But this one does not have a boundary --or more
appropriately it has an empty boundary.
Such curves are called closed curves.
And it is interesting that it is exactly such a curve which
shows up as a boundary of a two-dimensional region.
The curve like this is called a closed curve.
It has empty boundary.

And you should contrast that to a curve with
a non-empty boundary.
This is not closed curve.
This is a curve --well, terminology here is slightly
misleading because a mathmetician would also say
that this is closed because it does include the
boundary points.
But when we say closed in this class, it will
mean a curve like this.
It closes on itself.
This one the, case strictly speaking, is also closed
because I cannot say it's an open curve because I include
the boundary points.
So let just say it's a curve boundary points.
So, curve with two boundary points.
And of course that immediately begs the question, is it
possible to have such a curve -- not a curve like this, but
such a curve -- as a boundary of something two-dimensional?
What do you think?

Yes.
Well, any other answers?
[LAUGHTER]
Not that there are too many answers here, right?
If you think about it, you'll see that it looks like I'm
giving you an example of this curve being a boundary
of the shaded region.
That's not true.
What about this part?
What about this part?
Now, granted, if I included this and this, this would be
the boundary of something, but then it would have to go --it
would have to go to infinity Or it would have to
close somewhere.
So the regions which we will consider in this in this case
--the regions like this-- the regions to which we will
apply Green's Theorem.
These regions are going to be bounded.
They don't go to infinity.

That's right.
Let's go back to this.
The question is, is counter clockwise defined as positive?
Right?
So. the terminology, you know we are free to make any
terminology we like.
We can call it positive, negative, whatever we want.
Some people like counter clockwise, some people
like clockwise.
The standard terminology for this is counter clockwise
orientation --counter clockwise.

And this terminology is that it's also called positive.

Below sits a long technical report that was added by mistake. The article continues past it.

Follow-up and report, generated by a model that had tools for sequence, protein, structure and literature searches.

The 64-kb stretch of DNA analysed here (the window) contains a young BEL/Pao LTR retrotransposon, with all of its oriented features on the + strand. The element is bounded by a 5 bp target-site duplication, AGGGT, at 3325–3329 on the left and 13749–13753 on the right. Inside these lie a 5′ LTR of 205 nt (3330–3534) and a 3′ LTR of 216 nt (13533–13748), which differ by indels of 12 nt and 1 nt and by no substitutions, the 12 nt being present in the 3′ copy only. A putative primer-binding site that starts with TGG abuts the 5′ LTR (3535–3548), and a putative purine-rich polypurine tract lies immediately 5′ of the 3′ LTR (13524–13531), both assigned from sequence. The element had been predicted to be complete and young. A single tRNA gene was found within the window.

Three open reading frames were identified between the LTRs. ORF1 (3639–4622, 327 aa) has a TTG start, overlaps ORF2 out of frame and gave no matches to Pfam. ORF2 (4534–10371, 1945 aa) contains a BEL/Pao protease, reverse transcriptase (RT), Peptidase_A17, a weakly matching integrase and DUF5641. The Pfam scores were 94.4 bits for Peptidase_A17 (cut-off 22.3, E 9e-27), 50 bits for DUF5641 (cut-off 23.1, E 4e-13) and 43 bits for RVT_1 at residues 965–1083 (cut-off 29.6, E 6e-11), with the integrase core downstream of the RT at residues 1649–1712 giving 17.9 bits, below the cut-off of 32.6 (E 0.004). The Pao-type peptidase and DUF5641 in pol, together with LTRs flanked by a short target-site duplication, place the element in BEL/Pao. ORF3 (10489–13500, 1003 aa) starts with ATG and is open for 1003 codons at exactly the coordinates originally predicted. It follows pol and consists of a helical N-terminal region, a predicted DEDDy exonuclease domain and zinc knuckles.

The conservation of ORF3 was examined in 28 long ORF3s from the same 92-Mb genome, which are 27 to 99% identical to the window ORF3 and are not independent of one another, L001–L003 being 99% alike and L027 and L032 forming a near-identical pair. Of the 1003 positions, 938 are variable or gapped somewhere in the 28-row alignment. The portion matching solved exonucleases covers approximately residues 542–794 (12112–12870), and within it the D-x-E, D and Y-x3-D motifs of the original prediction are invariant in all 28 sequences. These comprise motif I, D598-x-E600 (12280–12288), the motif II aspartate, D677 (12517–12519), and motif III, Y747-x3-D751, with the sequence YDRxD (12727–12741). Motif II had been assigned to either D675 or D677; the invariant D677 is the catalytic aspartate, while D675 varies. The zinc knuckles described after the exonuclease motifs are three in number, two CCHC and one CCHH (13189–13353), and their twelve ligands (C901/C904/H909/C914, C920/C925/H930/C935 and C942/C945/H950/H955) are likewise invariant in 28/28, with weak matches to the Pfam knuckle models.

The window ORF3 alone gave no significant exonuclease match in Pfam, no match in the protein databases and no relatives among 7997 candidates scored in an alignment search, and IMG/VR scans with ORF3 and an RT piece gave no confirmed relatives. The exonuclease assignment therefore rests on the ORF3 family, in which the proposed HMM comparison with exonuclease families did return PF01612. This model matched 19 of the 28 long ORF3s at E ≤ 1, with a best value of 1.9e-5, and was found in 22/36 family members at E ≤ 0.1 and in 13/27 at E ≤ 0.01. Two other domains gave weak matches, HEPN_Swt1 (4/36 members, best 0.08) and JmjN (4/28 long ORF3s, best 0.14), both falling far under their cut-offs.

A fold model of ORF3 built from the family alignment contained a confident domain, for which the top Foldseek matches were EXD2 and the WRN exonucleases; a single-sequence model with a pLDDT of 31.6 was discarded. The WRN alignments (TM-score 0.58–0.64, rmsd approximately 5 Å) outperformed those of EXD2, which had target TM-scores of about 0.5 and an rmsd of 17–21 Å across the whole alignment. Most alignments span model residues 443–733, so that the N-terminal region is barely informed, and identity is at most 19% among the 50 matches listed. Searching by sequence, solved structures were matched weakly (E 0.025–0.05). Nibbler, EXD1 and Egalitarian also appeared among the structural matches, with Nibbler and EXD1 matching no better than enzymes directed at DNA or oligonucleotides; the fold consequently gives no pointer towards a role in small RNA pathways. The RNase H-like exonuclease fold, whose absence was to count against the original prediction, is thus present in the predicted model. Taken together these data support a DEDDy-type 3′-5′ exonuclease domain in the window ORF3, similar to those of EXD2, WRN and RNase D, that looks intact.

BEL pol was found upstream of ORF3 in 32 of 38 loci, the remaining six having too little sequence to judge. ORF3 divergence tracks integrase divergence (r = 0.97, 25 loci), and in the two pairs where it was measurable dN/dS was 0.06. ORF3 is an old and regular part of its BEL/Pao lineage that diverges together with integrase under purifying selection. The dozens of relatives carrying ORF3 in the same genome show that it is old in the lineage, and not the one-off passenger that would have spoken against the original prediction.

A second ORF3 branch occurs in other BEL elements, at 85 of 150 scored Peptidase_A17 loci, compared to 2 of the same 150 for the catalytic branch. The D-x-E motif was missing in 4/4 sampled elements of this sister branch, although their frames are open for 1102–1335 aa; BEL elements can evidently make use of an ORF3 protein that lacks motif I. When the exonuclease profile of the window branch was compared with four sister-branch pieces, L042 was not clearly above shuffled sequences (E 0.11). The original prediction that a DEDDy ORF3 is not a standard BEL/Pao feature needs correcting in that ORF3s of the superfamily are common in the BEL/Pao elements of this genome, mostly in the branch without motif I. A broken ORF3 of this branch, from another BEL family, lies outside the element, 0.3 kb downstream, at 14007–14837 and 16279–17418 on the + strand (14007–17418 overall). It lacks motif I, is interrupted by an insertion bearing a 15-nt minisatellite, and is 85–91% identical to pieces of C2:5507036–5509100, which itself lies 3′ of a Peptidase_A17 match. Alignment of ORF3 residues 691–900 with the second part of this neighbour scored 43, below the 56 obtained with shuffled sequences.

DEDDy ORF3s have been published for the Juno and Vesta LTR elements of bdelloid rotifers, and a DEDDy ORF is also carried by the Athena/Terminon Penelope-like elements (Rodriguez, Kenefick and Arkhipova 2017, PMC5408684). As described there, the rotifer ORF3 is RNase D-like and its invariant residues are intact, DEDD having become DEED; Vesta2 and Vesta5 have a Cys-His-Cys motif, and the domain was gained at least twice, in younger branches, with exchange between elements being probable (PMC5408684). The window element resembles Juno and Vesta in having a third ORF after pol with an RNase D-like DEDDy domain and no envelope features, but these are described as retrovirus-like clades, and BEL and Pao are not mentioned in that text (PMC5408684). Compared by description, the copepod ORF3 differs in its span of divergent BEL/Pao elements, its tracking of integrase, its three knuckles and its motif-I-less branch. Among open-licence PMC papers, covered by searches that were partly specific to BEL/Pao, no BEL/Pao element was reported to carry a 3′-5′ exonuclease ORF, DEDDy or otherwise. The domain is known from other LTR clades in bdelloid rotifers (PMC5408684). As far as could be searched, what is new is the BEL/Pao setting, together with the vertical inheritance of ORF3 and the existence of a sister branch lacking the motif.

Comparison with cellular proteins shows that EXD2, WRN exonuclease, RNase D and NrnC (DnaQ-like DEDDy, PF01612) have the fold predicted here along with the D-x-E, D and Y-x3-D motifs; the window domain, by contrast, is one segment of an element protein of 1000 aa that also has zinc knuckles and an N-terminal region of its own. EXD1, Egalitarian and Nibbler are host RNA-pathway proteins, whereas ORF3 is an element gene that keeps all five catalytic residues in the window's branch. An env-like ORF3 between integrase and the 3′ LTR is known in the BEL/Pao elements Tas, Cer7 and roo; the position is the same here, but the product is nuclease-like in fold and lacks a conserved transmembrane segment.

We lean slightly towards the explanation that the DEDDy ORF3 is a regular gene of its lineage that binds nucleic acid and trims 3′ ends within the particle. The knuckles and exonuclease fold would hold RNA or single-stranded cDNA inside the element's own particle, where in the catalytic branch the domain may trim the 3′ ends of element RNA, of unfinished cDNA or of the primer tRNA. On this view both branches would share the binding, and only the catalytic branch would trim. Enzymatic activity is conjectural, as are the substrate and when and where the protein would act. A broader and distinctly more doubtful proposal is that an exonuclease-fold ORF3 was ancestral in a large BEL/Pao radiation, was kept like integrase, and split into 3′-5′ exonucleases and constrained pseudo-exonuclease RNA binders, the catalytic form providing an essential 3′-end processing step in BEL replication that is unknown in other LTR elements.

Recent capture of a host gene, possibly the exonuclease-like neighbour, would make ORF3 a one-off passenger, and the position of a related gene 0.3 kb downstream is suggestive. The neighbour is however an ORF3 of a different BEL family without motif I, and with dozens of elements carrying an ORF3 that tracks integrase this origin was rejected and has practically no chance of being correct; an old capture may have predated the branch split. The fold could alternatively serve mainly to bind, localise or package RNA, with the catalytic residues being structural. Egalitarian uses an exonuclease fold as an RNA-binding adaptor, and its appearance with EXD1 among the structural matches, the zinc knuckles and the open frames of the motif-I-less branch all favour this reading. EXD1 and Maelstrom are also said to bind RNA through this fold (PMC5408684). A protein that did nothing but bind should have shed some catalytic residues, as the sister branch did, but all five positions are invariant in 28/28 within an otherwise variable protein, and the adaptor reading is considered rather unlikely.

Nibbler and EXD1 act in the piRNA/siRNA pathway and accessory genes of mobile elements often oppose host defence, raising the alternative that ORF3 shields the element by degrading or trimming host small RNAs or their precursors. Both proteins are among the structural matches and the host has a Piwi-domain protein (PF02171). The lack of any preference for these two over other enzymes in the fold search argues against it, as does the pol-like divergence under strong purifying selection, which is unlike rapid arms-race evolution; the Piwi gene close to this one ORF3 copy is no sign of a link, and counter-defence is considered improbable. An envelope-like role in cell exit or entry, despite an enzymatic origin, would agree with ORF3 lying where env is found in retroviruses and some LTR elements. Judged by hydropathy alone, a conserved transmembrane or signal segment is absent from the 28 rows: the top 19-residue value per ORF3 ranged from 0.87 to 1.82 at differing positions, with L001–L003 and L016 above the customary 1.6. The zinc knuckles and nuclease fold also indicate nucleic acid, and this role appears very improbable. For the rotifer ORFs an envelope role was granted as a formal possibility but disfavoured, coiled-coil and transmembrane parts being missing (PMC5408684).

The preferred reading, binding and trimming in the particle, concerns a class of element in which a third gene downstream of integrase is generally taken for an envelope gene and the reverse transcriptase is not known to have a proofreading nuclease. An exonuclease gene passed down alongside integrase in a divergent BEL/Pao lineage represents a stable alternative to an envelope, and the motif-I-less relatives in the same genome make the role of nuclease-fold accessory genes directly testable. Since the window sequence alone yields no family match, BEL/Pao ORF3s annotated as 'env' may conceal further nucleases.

But it's a matter of choice.
I am free to take line-intervals over
any curve I what.
I could take it over a curve oriented this
way, oriented that way.
My interest here is to choose orientation for which
this theorem is correct.
And I know that if for one of them it is correct, it cannot
be correct for the other one.
So, I have to make a choice.
And the way --actually the better way to think
about it is as follows.
Which will actually --will lead to slight
generalization on this.
For which this rule that I will explain now will make more
sense --or will be more easy to remember.
Right now it looks kind of ad hoc.
Why do I choose it counter clockwise?
So the actually rule is the following.
If you imagine somebody walking --this is just a sketch--
somebody's walking on the boundary of this domain.
So, it's like more realistically I would have to
draw this domain on this stage and then I would be walking on
the bounty boundary.
The rule is that the orientation of my path
should be such that the domain is to my left.
Always.
You have to chose some way, right?
So, this is well-defined.
If you walk this way it's to your left, if you walk this
way it's to your right.
It has to be to your left.
Orientation to the left.
Domain to the left.

It does sound a little ad hoc.
But actually it all makes sense in the end.
So, believe me.
It's a good rule.
Anyway, it is a rule for which everything works.
If you chose a different one, you can do that but please put
a sign --change the sign-- on either side --on one
side, not on both sides.
So let, me go back to the issue of boundaries.

First of all, the domains that we will consider --domains like
this-- will have to be bounded.
Bounded is something else --bounded is something which